Douglas Woodsum

Three Answers In Spring

1. Resurrection
The corpses rise and challenge, coaxing me
To rise, and, though I like spring, I hate this
Constant rotting and rejuvenation
Of flesh. The roots of the apple tree grip
The long buried heart, and when the bees buzz
Around the buds, it’s like flies feeding on
Carrion. I’ve accepted the formal
Attire of trees, so quiet and neat
At the parties in December, and now
This loud leafiness and those birds shacking
Up and singing from dawn to dusk about
Lust. I’ve been happy inside and alone.
Now my heart begins to beat visibly
And I must let it out to find more room.
2. Dumb Animals
A cock pheasant has been staking his claim
On my turf with a harsh voice that wakes me
Each morning at 6:15, and if my foul
Mood continues, he’ll not mate, but meet his
Maker after a shotgun wedding, twelve
Gauge style. Yes, it’s spring and the animals
Are courting, mating, building homes with such
Ease, so naturally, it makes me think
If I was a muskrat, there’d be more love
More luck, more lust in my life. I’m so smart
I’ve talked myself out of suicide ten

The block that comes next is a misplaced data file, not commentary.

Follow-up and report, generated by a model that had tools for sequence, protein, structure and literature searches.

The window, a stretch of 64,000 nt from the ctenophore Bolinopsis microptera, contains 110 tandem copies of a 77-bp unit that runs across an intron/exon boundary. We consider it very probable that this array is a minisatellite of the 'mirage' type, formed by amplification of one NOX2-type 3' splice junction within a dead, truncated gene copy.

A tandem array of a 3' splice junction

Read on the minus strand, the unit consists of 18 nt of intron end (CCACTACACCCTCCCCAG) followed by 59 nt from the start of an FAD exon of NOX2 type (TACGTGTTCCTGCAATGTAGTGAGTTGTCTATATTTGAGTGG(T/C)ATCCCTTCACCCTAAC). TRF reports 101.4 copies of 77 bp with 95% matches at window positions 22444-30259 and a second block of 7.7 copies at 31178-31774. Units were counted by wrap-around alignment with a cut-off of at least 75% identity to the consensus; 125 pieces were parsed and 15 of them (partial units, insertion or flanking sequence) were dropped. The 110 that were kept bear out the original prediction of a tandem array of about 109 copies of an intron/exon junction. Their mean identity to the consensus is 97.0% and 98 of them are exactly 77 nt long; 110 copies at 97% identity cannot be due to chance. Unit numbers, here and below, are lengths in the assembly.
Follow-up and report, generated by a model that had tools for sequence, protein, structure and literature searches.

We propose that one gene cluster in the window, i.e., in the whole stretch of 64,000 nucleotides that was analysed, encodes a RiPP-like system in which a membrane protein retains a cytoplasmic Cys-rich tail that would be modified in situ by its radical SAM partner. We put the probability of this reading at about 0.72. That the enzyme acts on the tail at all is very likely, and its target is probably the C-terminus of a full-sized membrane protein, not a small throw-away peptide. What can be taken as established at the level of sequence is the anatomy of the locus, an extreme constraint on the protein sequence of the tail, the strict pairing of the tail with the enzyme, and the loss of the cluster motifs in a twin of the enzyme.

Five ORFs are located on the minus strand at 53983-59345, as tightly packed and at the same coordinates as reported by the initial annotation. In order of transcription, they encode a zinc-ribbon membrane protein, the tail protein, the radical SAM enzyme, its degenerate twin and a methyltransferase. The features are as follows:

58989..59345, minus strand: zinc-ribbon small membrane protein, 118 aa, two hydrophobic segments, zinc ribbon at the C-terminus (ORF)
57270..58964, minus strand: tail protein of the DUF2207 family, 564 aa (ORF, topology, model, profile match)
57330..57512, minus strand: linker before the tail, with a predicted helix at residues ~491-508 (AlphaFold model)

Times, but I wish I was dumb, mute, primal.
I wish it was all in the eyes or in
A shake of tail. I’m the muskrat; love me.
3. Spring Profanity
The day I saw two foxes copulate
On the beach, I noticed the grass, at last,
Was turning green. Rosehips, pecked to broken
Shells, hung like thin, wrinkled skulls, mute remnants,
Husks pillaged for seeds in the war of the birds
Against the slow drying, slow dying fruit,
The war fought always in winter for love,
For the simple trophy of making love
In spring. Those robins there on the lawn fuck
In a flurry of feathers, and the word
Fuck feels right on the back of the tongue, against the roof
Of the mouth. My hard teeth rest on my soft
Lip, and I write to you asking how your
Battle is going; when will you come home?

Douglas Woodsum
Three Answers In Spring first appeared in Beloit Poetry Journal, Vol 40, #3.
Poem, copyright © 2005 by Douglas Woodsum
Appearing on From the Fishouse with permission
Audio file, copyright © 2005, From the Fishouse